The Conversation On mushrooms, interdependence and artists’ role on the sustainability front.
BY Kristina Ljubanovic
Photo by Rebecca Tisdelle-Macias
STEPPING into the lobby of Allied’s 60 Adelaide East—on an especially blustery Toronto morning—one is struck by an unexpected sight: a moss wall, just beyond the elevator bank, with improbable tufts of emerald and chartreuse green so vibrant you must touch to believe. (I did, and it’s real.)
Adjacent to the moss display—perhaps in conversation with it—hangs Montréal-based photographer Lisa Yang’s tripartite photographic series Rose, Ribbon, Glass, curated and installed by a team at MASSIVart. In each of the images, a single rose is manipulated, enrobed in ribbon and pressed between glass and diffuser film, rendering it ghostly, X-ray-like and strangely romantic.
Moss and roses? Is this a commercial building lobby or the set of a Charlotte Brontë novel?
“It’s like having a little garden in the building,” says Yang, who often uses natural materials in her personal and commercial work. (The largely self-taught artist doubles as a set designer and prop stylist. In fact, Rose, Ribbon, Glass was created while she was shooting a commercial project.)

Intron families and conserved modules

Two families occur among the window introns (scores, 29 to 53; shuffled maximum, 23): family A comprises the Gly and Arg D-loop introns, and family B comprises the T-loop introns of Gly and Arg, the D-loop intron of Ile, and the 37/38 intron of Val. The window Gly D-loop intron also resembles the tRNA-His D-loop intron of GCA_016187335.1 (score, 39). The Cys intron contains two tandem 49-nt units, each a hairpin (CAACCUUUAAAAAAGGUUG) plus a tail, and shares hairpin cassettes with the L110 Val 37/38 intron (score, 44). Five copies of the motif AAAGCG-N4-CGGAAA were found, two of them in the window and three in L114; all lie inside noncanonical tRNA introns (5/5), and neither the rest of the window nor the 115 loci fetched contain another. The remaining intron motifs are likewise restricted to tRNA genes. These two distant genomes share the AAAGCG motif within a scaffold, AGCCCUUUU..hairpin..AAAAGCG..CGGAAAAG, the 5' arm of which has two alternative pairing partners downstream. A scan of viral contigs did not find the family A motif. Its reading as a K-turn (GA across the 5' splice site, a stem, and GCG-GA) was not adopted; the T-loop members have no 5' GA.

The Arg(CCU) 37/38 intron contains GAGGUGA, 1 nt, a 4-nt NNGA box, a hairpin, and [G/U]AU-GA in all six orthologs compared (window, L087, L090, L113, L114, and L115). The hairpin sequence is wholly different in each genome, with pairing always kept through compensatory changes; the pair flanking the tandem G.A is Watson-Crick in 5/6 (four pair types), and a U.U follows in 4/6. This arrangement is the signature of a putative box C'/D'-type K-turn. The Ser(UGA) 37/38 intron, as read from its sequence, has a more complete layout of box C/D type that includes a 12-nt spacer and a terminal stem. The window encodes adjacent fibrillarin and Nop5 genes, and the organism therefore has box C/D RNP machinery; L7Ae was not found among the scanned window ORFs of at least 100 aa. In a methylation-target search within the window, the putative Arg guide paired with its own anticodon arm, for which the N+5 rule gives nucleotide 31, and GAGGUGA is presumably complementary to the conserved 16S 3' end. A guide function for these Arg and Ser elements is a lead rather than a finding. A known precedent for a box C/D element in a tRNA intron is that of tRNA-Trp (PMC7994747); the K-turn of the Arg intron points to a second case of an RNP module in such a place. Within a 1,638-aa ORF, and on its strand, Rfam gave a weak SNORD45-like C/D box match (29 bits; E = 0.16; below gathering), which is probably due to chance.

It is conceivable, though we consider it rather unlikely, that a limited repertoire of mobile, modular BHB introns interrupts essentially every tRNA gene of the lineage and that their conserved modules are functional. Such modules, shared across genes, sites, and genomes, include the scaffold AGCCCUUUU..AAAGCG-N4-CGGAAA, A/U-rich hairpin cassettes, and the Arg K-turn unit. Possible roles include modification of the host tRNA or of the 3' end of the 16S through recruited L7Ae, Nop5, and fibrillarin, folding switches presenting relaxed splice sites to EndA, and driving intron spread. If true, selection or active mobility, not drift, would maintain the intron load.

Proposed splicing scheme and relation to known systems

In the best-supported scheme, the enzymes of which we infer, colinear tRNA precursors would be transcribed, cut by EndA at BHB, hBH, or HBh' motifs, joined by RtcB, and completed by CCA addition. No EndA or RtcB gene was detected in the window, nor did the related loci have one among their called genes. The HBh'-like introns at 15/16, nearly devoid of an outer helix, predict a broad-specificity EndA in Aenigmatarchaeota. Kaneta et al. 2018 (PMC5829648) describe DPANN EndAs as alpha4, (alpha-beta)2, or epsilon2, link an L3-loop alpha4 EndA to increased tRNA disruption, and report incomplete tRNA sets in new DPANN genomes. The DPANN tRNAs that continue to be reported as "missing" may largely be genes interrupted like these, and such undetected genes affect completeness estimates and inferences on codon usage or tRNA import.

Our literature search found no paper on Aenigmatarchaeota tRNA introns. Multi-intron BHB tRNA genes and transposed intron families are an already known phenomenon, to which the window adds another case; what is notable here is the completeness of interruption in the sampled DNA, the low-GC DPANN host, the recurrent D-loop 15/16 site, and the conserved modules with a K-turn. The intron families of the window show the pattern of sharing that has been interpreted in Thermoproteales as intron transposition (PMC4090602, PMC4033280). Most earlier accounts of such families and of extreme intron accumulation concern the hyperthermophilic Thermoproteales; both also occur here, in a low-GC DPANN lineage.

“When I first started, I focused on fruits and then naturally progressed to florals,” she says. Indeed, Yang’s online portfolio reveals a profusion of nature-infused images: beauty-product packaging set on dried grass or perched between tree limbs and eyewear hanging from budding branches or propped on a pile of artichoke, beet and rutabaga.
“I like working with objects,” says Yang, “especially when they’re not man-made. It’s up to you to create something new out of them.” When she was first starting out, the decision to use fruits and flowers was a simple matter of accessibility; they were items she had in her house already.
While Yang finds aesthetic inspiration on Instagram and, these days, is even dabbling in AI-generated art, ultimately, you can’t beat Mother Nature as a muse. “When there’s good sunlight, I’m inspired.”